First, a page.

This holding completely tramples on all universally accepted protections of privacy and safety that are based on the anatomical differences between the sexes. And, unwittingly, it also tramples on the very concerns expressed by G.G., who said that he should not be forced to go to the girls’ restrooms because of the “severe psychological distress” it would inflict on him and because female students had “reacted negatively” to his presence in girls’ restrooms. Surely biological males who identify as females would encounter similar reactions in the girls’ restroom, just as students physically exposed to students of the opposite biological sex would be likely to experience psychological distress. As a result, schools would no longer be able to protect physiological privacy as between students of the opposite biological sex….
An individual has a legitimate and important interest in bodily privacy such that his or her nude or partially nude body, genitalia, and other private parts are not exposed to persons of the opposite biological sex. Indeed, courts have consistently recognized that the need for such privacy is inherent in the nature and dignity of humankind. See, e.g., Doe v. Luzerne Cnty., 660 F.3d 169, 176-77 (3d Cir. 2011) (recognizing that an individual has “a constitutionally protected privacy interest in his or her partially clothed body” and that this “reasonable expectation of privacy” exists “particularly while in the presence of members of the opposite sex”); Brannum v. Overton Cnty. Sch. Bd., 516 F.3d 489, 494 (6th Cir. 2008) (explaining that “the constitutional right to privacy … includes the right to shield one’s body from exposure to viewing by the opposite sex”); Beard v. Whitmore Lake Sch. Dist., 402 F.3d 598, 604 (6th Cir. 2005) (“Students of course have a significant privacy interest in their unclothed bodies”); Sepulveda v. Ramirez, 967 F.2d 1413, 1416 (9th Cir. 1992) (explaining that “[t]he right to bodily privacy is fundamental” and that “common sense, decency, and [state] regulations” require recognizing it in a parolee’s right not to be observed by an officer of the opposite sex while producing a urine sample); Lee v. Downs, 641 F.2d 1117, 1119 (4th Cir. 1989) (recognizing that, even though inmates in prison “surrender many rights of privacy,” their “special sense of privacy in their genitals” should not be violated through exposure unless “reasonably necessary” and explaining that the “involuntary exposure of [genitals] in the presence of people of the other sex may be especially demeaning and humiliating”).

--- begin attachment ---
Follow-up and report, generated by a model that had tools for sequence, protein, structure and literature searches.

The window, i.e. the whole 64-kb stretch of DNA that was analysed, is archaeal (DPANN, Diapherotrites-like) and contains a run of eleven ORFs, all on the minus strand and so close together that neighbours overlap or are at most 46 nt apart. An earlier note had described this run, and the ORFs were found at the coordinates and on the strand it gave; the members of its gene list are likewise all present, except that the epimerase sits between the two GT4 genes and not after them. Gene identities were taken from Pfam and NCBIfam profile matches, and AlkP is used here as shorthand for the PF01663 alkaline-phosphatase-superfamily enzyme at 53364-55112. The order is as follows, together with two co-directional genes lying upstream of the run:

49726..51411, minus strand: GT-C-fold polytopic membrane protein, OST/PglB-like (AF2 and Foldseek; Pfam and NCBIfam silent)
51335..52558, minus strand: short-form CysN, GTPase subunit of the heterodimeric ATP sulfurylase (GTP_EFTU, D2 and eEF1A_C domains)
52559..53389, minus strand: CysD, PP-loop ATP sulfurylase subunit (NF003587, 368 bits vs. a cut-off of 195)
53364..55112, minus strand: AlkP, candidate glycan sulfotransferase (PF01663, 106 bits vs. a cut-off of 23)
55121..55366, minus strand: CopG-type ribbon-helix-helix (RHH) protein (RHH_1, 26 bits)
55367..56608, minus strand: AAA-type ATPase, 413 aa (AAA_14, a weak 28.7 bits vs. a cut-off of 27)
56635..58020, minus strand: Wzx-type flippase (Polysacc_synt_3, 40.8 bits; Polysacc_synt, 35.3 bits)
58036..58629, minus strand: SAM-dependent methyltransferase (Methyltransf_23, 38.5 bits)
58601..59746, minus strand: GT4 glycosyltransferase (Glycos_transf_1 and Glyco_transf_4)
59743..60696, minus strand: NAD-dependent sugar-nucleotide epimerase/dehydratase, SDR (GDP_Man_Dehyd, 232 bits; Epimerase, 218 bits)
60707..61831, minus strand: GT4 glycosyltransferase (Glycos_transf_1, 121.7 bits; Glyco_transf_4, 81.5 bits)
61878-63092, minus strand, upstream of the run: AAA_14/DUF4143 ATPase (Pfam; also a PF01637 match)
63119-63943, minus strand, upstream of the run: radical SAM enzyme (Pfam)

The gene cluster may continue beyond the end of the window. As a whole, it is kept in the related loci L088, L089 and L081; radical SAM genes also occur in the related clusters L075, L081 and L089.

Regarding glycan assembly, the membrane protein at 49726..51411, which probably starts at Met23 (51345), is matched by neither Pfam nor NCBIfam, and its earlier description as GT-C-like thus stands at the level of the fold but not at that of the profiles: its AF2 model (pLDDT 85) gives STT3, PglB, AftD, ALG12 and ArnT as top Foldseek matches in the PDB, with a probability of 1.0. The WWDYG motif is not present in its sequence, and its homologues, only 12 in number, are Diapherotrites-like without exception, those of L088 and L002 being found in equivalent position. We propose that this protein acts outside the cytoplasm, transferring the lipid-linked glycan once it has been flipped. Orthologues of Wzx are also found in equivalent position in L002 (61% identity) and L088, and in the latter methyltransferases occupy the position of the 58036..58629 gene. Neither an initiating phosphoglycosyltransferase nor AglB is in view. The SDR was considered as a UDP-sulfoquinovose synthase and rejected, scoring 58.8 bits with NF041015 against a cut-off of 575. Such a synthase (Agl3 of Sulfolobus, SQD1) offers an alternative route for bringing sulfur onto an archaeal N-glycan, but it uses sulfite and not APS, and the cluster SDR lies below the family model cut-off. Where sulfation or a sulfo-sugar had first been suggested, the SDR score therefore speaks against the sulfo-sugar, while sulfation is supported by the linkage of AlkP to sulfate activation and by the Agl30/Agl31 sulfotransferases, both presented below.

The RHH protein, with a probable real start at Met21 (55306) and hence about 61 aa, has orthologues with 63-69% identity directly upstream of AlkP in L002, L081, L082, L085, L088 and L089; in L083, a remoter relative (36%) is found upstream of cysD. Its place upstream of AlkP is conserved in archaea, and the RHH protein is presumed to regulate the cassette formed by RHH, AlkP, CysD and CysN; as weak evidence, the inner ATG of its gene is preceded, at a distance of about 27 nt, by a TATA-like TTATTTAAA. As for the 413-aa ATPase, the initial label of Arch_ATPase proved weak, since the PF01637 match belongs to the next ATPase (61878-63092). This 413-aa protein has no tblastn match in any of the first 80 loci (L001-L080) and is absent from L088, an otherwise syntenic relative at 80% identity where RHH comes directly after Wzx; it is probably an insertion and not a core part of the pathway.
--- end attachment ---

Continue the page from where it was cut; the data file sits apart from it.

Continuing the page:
Moreover, we have explained that separating restrooms based on “acknowledged differences” between the biological sexes serves to protect this important privacy interest. See Faulkner v. Jones, 10 F.3d 226, 232 (4th Cir. 1993) (noting “society’s undisputed approval of separate public rest rooms for men and women based on privacy concerns”). Indeed, the Supreme Court recognized, when ordering an all-male Virginia college to admit female students, that such a remedy “would undoubtedly require alterations necessary to afford members of each sex privacy from the other sex.” United States v. Virginia, 518 U.S. 515, 550 n.19 (1996).
A biological male identifying as female could hardly live in a girls’ dorm or shower in a girls’ shower without invading physiological privacy needs, and the same would hold true for a biological female identifying as male in a boys’ dorm or shower. G.G.’s answer, of course, is that he is not challenging the separation, on the basis of sex, of living facilities, locker rooms, and shower facilities, but only of restrooms, where the risks to privacy and safety are far reduced. This effort to limit the scope of the issue apparently sways the majority, as it cabins its entire discussion to “restroom access by transgender individuals.” But this effort to restrict the effect of G.G.’s argument hardly matters when the term “sex” would have to be applied uniformly throughout the statute and regulations, as noted above and, indeed, as agreed to by the majority.